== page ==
Re: Need advice…heres the scenario - Posted by JohnBoy
Posted by JohnBoy on August 04, 2003 at 21:52:50:
The chapter 7 discharges the borrower from having to pay back the loan. This is ordered by the court, not the lender. The lender does not release the borrower from a loan. The court does.
While it is true you should avoid a lawsuit if possible, I would not be so quick to avoid one where the buyer is the one that defaulted. It would be different if the buyer did not default and this situation with the lender foreclosing was what is causing the buyer to file a lawsuit. What are the buyer’s grounds for filing a lawsuit? You said they defaulted. So what are they suing for?
I understand you made good money up front, but if you refund that money you made nothing up front. You say there is $30k in equity. To give that to your buyer is giving up a lot of money just to avoid a lawsuit they are threatening you with over something they defaulted on! They defaulted, and now they are saying they are going to file a lawsuit, and you are saying you should maybe refund their $5k and give them your $30k in equity to avoid them from suing you. That’s $35k of your money you are willing to just walk away from to avoid a lawsuit. And they are the one’s that defaulted on their contract with you! It would be different if it were a couple thousand we’re talking about. But we’re talking about up to $35k here. That is worth defending. What grounds are they basing their lawsuit on? Because the lender is foreclosing? This is after they defaulted on their contract with you. At least that is the way it sounds from your post.
The fact their is no one responsible for the loan does not matter. The lender may not agree to let you reinstate it, but regardless, they still have to foreclose on the property to take it away from you. You still legally own it, period!
How long does a foreclosure typically take in your state? Would that be enough time to sell the property before the sheriff sale can take place? It shouldn’t cost you more than $1200 - $2000 to stall off the foreclosure by having an attorney contest it. In my state it takes a minimum of 9 - 12 months to foreclose and that is if you don’t even respond to the foreclosure complaint. A lot longer if you do contest it. I can contest a foreclosure in my state and my attorney wouldn’t have to appear in court more than 2 - 3 times over the first year contesting it! How much does that cost to have the attorney file an answer to contest it, then appear in court maybe 2 - 3 times over the next year? About a couple hundred to prepare the answer and file it, and about $150 per hour to appear a few times over a year. About $1200 total!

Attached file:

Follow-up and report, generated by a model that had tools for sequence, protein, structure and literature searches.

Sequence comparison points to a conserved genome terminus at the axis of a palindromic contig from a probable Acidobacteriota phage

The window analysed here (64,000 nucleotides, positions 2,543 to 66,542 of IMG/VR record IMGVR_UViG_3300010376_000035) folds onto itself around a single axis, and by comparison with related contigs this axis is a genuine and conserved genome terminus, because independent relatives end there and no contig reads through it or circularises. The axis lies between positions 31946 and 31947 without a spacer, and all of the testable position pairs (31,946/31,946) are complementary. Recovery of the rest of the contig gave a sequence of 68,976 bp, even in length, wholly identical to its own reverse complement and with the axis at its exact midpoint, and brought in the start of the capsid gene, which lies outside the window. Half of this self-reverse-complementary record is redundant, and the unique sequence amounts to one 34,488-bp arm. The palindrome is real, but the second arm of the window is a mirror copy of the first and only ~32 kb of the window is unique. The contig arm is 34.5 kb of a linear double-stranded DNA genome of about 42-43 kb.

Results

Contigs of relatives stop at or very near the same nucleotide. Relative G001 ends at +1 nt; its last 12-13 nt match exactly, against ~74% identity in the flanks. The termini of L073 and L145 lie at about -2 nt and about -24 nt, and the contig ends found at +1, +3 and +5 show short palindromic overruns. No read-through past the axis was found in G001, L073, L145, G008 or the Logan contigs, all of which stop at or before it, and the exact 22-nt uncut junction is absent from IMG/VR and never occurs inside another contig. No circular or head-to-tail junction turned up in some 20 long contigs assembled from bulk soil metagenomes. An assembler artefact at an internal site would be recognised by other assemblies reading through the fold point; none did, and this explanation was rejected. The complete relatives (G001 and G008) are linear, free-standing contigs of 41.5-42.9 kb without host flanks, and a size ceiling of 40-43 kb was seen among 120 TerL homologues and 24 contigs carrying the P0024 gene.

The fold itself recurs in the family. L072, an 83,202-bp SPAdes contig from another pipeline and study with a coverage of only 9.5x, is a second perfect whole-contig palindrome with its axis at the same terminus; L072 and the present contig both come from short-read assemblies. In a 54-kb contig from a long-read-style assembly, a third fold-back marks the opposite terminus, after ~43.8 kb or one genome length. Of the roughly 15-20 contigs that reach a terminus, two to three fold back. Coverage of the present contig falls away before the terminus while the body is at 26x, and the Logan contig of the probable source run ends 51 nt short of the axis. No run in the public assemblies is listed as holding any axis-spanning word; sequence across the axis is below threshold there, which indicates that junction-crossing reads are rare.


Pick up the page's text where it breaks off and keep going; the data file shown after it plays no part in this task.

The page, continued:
For $35k in total profit and equity I will glady shell out up to $5k to defend my money by fighting a frivolous lawsuit against a buyer that defaulted and contesting a foreclosure to stall the lender off long enough to sell the property so I can get my money out of it. It doesn’t matter that I have no money out of my pocket in the deal. That $5k up front money I got from the buyer and the $30k in equity in the property, IS MY MONEY! I sure as heck wouldn’t just roll over and let my deadbeat buyer have it all just because they are threatening to sue me and because I have no money invested out of pocket!
Is there more to this then you are telling us? What grounds does your buyer have to base a lawsuit against you on? What am I missing on this? Anyone can sue anyone for anything, but if their lawsuit has no basis they aren’t going to win anything.
It sounds to me like, based on your post, that the buyer defaulted, then after the fact the lender came along the following month and filed a foreclosure complaint because the original borrower filed BK on the loan. Now your buyer is claiming they are going to sue you because the you didn’t make the payments and they can’t buy the house now because the lender is foreclosing. Is that what is happening here? Or did your buyer default after learning about the lender foreclosing? That could be a problem.
BTW, if you give the buyer their $5k back then it sounds like you will end up out of pocket on this deal. You said you used the buyer’s $5k to catch up the loan for all but one payment. So if you used that money to catch up the loan and you end up giving the buyer that $5k back, then you are out of pocket for $5k! Minus any cash flow you may have got during the time the buyer lived in the property and made their payments to you. Did you collect $5k or more off the monthly cash flow so far? It appears to me based on your post that you haven’t made much money at all yet since you stated you used your buyer’s up front money to catch up the loan. But like I said before, your post is confusing, so maybe we don’t have all the facts on this. Do we?